The Olive Zonker streamer Mylar tubing imitates the scales on a bait fish's stomach and reflects light to grab the attention of nearby hungry bass, trout, steelhead or salmon.
ZONKER STREAMER FLY PATTERNS. Hook size 8 10 - $US each
OLIVE ZONKERS - RABBIT STRIP AND MYLAR
I love stalking big sea run brook trout using a rabbit strip olive Zonker streamer fly pattern. One of my most memorable fly fishing trips was on the east and west branches of the Petite Cascapedia river in Québec’s Gaspé Peninsula, Canada. The ability to spot your target trout in clear water and fish at it in my eyes is true fish hunting. You can do this type of sight fly fishing from a boat, float or by wading. I have observed that many of the bigger brookies liked to hang around close to wood cover. Sometimes you can spot them right in the middle of log jams. These fish are not silly. The wood provides an obstruction that slows down the water flow so they do not have to exert as much energy in staying on one position. They wait for their next meal to swim past them in the faster moving water.
You will also find them the slower moving water found in runs and pools. Swimming an olive Zonker past the nose of one of these big brutes is normally all that is required to entice a strike. The silver body and natural movement of the rabbit strip fur on the retrieve just looks natural. It shouts out to the fish, this thing is alive and will provide a substantial meal.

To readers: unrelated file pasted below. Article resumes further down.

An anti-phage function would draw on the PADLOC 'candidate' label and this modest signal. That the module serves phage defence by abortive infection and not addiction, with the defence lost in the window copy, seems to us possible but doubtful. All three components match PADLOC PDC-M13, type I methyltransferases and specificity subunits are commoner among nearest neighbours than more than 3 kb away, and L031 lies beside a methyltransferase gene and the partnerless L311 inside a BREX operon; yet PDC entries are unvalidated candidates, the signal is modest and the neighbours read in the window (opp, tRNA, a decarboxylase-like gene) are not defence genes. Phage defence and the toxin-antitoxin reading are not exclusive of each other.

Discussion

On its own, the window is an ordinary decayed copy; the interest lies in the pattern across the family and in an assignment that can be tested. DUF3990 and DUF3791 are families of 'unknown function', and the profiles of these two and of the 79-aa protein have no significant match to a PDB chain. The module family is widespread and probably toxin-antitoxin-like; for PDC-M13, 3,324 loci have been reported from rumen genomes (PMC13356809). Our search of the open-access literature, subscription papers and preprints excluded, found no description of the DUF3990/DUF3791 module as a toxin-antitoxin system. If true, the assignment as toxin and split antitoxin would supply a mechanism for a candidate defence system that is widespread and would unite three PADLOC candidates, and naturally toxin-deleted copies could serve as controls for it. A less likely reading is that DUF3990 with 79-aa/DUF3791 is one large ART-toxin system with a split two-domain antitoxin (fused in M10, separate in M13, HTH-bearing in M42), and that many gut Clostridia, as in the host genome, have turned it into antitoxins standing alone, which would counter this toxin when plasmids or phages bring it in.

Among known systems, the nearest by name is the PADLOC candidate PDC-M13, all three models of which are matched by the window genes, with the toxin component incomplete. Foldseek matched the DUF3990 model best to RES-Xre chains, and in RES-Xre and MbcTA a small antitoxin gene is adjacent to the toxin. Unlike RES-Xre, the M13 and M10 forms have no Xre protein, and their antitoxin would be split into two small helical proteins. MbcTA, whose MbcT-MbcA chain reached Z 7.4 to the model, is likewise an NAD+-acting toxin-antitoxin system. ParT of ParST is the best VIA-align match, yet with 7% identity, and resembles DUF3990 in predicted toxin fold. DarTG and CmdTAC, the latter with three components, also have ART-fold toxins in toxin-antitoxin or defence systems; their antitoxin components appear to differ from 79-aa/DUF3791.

You can still foul your fly fishing chances of a hook up if your approach and presentation is poor. These fish are on the look out for food and predators. If you do not approach their location stealthily they will just swim away. Cast your fly upstream away from their watching eyes so that the current and your swinging line presents your olive zonker naturally. You want to make the trout believe you fly is a real bait fish swimming with the current in search of food. Do not cast your fly directly at the fish or keep hammering the same pool with repeated casts. If you do you will have a very poor days fishing.
This is one of the flies I use in September when the fry of many coarse fish species will have been building up weight as fast as they can throughout the summer. When they start to shoal they become a very tempting target. The trout force them up to the surface as they try to escape. They 'boil' up on the surface and seabirds can be seen picking up fry from the top of the water. This is where I cast my Olive Zonker streamers. John Wilson. Birmingham